It was ideal conditions for this navigation evening as 35 competitors, including a junior, set off to challenge their navigation skills against the dark and the clock, with some running solo and others as teams.
The penalty points for taking more than the allotted hour are quite harsh and most of the runners with previous experience of this event made sure that they were back with time to spare.
It was close between the top five finishers, but once more Mark Nutter showed his mastery of this event and his intimate knowledge of the area to finish first solo runner and overall winner. This saw him once more add his name to the Badger Trophy as first runner from Clayton.
Close behind Mark was the Chew brothers team who finished second overall and first team winners. They were chased hard by Sam Wadsworth & Andrew Driver, who finished in joint third position, along with the redoubtable Neil Hardiman, another Claytoner renown for his night time navigational skills and knowledge of the local area. As if to emphasise that this is Clayton territory, Ralph Baines was the third solo finisher and his club mates Andy Firth & Peter Dugdale were third team.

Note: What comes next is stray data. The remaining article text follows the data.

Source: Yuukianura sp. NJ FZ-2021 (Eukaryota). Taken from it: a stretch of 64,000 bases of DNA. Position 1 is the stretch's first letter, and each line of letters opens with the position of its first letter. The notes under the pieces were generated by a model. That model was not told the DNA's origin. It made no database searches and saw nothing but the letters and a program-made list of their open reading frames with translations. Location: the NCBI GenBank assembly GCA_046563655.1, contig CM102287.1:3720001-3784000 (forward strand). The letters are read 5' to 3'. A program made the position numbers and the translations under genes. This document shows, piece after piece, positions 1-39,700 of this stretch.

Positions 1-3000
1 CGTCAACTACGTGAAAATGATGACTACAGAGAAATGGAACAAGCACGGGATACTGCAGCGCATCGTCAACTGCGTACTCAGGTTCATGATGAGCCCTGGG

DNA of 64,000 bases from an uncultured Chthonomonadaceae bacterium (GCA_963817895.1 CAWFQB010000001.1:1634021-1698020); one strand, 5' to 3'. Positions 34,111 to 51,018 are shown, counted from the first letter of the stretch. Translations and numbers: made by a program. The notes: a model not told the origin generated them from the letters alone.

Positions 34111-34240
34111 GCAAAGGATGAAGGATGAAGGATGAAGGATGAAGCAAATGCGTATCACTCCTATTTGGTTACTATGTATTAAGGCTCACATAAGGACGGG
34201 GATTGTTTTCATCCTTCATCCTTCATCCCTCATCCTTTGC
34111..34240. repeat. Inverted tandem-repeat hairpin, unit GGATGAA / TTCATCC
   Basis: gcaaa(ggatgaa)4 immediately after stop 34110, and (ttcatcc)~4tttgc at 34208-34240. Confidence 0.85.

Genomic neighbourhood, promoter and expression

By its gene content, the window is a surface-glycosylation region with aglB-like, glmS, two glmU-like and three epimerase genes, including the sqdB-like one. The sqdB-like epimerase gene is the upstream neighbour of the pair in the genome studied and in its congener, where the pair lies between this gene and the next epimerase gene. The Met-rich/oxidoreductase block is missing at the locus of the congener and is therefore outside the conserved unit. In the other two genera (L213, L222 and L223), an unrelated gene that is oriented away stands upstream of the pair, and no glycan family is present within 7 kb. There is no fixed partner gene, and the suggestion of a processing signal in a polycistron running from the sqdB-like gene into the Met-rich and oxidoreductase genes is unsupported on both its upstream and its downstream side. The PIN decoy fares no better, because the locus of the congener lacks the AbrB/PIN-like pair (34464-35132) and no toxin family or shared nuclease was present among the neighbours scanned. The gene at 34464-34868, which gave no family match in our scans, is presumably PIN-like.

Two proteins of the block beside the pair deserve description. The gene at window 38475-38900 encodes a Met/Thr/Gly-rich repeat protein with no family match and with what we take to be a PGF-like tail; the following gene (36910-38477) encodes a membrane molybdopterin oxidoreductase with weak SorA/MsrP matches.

First solo lady was Jean Brown, who took her young son Christopher with her.
The harshness of the time penalty points was brought home by the fact that the last four runners and teams ended in negative point territory. There was a prize of the "Richard Briscoe Wooden Spoon" for the runner or team with the least points. Richard tried hard to win the spoon bearing his name by losing a battery out of his head torch and returning in the dark, but Chris Barnes was having such an enjoyable time trying to find the check points that he overlooked the price he would pay for being back late and it was he who returned home with his dubious prize.